I collect hospital wristbands. My first band marks the date March 3, 2009, and I remember the day quite vividly: I visited the hospital to complete an MRI upon the orders of my bewildered doctor who was stumped by my symptoms. When I got home after an excruciatingly long day I tried to tear off the plastic band that had hugged my wrist all day, only to realize the material wouldn't rip.
Living with Crohn's disease
Since being diagnosed with Crohn's disease, I have perfected the movement of wriggling off my hospital wristband -- slowly bringing the band over my knuckles, keeping it intact. Crohn's disease is an autoimmune condition that causes inflammation along the inner lining of the digestive tract. To simplify, I have a hyperactive immune system that can't differentiate between "attention" and "at ease," so its defences are overactive and it willfully attacks my small and large intestines. While promising medical breakthroughs have been made in treating Crohn's -- a chronic, lifelong condition -- there is currently no cure.
My body flips between two states: one that is overcome with disease, and another that experiences tentative relief. Because I was diagnosed with Crohn's at a young age, I've grown up believing in the notion that if I don't eat too much or think too hard, somehow, I will be able to preserve my good health for just a little while longer. Obviously, this balancing act is an impossible one and I require a constant reminder that no matter how hard I try to sit still, the nature of the illness will triumph even my sincerest efforts.
Treating Crohn's disease
I have tried nearly every possible treatment available for Crohn's disease. I've tried immune suppressants and steroids, the latter of which provided me with temporary relief by trading in my inflamed organs with an assortment of vicious side-effects. As each drug failed, my health declined and I was left with a quietness that brought me to unbearable proximity with myself. My teen years are a blur of absences from school and emergency hospitalizations.
Explaining this to someone who is fully abled proved to be an impossible feat.
During these periods, I would imagine an alternative self, a disease-free girl who walked with a bounce in her step. Now that I'm older, I realize that my wishes as a teenager were impractical, since no amount of planning could have accounted for unexpected flare-ups and periods of required rest. Crohn's disease doesn't work like that.
Despite the inescapable physical toll of living with Crohn's, nothing could have prepared me for the intensity of the mental side-effects. As I watched my body deteriorate and continuously resist treatment, my peers graduated into newfound adult experiences. In a world where success is determined by achievement and a malfunctioning body is considered useless, I sunk into frequent periods of numbing sadness. Explaining this to someone who is fully abled proved to be an impossible feat.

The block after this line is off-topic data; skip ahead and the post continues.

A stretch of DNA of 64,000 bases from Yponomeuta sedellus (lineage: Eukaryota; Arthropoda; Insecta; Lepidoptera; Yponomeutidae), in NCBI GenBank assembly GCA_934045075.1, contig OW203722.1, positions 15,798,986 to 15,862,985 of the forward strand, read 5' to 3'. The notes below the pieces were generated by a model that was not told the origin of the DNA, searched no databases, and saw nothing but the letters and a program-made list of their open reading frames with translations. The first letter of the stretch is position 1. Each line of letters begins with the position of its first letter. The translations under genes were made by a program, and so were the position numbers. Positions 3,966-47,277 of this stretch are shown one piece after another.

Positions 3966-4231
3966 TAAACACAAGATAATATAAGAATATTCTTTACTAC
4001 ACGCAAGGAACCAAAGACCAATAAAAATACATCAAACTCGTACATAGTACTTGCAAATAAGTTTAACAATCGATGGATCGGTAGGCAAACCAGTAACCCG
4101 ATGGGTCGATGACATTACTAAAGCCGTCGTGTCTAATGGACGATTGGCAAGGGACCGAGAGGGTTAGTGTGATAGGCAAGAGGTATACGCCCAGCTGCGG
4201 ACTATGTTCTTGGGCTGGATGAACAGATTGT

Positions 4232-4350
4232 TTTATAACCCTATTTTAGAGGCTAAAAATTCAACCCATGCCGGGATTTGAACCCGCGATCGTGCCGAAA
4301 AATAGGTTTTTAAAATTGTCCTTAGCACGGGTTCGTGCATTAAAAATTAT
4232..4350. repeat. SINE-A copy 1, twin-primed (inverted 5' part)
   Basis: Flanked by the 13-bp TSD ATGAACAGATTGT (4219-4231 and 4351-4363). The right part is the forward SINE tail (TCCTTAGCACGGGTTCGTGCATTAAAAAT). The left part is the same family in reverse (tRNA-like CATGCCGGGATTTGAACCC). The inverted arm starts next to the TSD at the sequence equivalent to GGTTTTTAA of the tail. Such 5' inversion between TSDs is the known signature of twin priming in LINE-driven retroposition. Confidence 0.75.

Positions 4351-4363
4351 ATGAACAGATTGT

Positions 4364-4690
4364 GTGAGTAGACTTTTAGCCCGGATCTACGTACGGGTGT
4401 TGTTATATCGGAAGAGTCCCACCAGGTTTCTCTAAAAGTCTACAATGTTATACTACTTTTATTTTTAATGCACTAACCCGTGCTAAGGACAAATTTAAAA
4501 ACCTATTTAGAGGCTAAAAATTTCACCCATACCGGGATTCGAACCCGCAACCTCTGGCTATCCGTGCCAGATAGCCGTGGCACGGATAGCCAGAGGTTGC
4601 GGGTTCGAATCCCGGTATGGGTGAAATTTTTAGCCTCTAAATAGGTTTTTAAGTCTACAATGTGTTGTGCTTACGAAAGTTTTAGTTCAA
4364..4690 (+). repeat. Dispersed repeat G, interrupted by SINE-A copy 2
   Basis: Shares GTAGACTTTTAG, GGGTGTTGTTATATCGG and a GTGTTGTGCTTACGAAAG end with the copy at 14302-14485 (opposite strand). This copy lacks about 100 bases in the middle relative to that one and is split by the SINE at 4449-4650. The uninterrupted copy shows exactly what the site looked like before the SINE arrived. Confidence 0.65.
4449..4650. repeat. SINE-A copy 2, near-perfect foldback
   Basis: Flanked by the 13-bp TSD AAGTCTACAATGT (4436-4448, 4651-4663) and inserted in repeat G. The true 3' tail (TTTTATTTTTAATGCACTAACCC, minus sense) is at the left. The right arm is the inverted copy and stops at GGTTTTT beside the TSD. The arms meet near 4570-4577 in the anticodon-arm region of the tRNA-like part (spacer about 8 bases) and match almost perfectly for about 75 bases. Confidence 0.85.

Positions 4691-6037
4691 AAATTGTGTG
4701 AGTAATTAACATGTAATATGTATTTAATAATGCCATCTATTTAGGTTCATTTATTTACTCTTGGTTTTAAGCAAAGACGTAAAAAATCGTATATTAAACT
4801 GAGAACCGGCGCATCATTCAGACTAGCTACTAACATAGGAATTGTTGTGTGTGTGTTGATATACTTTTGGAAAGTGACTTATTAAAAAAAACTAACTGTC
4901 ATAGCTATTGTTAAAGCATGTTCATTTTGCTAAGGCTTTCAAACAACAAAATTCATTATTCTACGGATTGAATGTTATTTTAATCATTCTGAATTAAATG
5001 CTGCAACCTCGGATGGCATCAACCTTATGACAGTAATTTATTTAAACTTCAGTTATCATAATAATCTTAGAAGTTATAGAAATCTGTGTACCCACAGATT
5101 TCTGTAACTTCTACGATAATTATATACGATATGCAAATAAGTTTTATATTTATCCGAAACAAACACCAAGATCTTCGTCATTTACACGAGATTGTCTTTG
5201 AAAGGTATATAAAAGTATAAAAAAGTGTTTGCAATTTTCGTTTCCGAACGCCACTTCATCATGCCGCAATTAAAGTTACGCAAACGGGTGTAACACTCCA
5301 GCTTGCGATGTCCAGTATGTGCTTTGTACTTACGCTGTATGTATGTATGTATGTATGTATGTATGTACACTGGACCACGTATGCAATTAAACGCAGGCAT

Sometimes, even your loved ones quickly accept the fluctuating nature of your illness before you have. You witness their concern decline as they continue on with their lives unbothered, and you feel you are left alone in a deafening silence.
After my diagnosis, the most basic opportunities seemed like an indulgence -- even going to school. I was seeking a sense of normalcy and belonging, and being able to go to school after weeks in a lonely hospital bed seemed like a blessing. Being able to talk to people who weren't interested in a full-symptom analysis felt amazing.
However, not every "returning to school" experience was as pleasant as I had naively expected it to be. In my experience, not all academic institutions are built to welcome the chronically disabled, and though formal protocol has been established to accommodate, it is often never enough or never fully enforced to allow me to return to school at my own pace and on my own terms. Individuals who deal with Crohn's disease, an invisible illness, are often forced to prove in a way that serves to be degrading, that they are in fact ill and deserve sufficient and timely accommodation. These experiences are emotionally damaging and deny the patient the chance to also be considered a student.
Even though I don't believe I'll ever be an expert in dealing with chronic pain, I've managed to overcome a lot living with Crohn's. My definition of "normal" has evolved throughout the stages of diagnosis, sickness and treatment, but I still often feel mentally and physically unprepared when I experience relapse.
The more times I become sick, the more my strength and resilience deepen.
Right now, I'm using a new biologic therapy, which has provided me with the most relief since my diagnosis. This treatment has granted me the ability to participate in normal experiences I often feel like I miss. There will always be times where I experience the symptoms of my disease and have to remove myself from everyday activities. Each time this happens, I am left with no other choice than to pick myself up and find a strength I didn't believe existed.
Each hospitalization, surgery, treatment and procedure has challenged me in ways that I could never have prepared myself for. Though such phases of pain and discomfort eventually pass and I move on to the next phase of seemingly normal life, I live knowing the illness will reappear. But the more times I become sick, the more my strength and resilience deepen. That's why I collect hospital wristbands -- they remind me of a self that was brought to unfathomable lows and found a way through.
To find out more about Crohn's disease this World IBD Day, visit www.crohnsandcolitis.ca.
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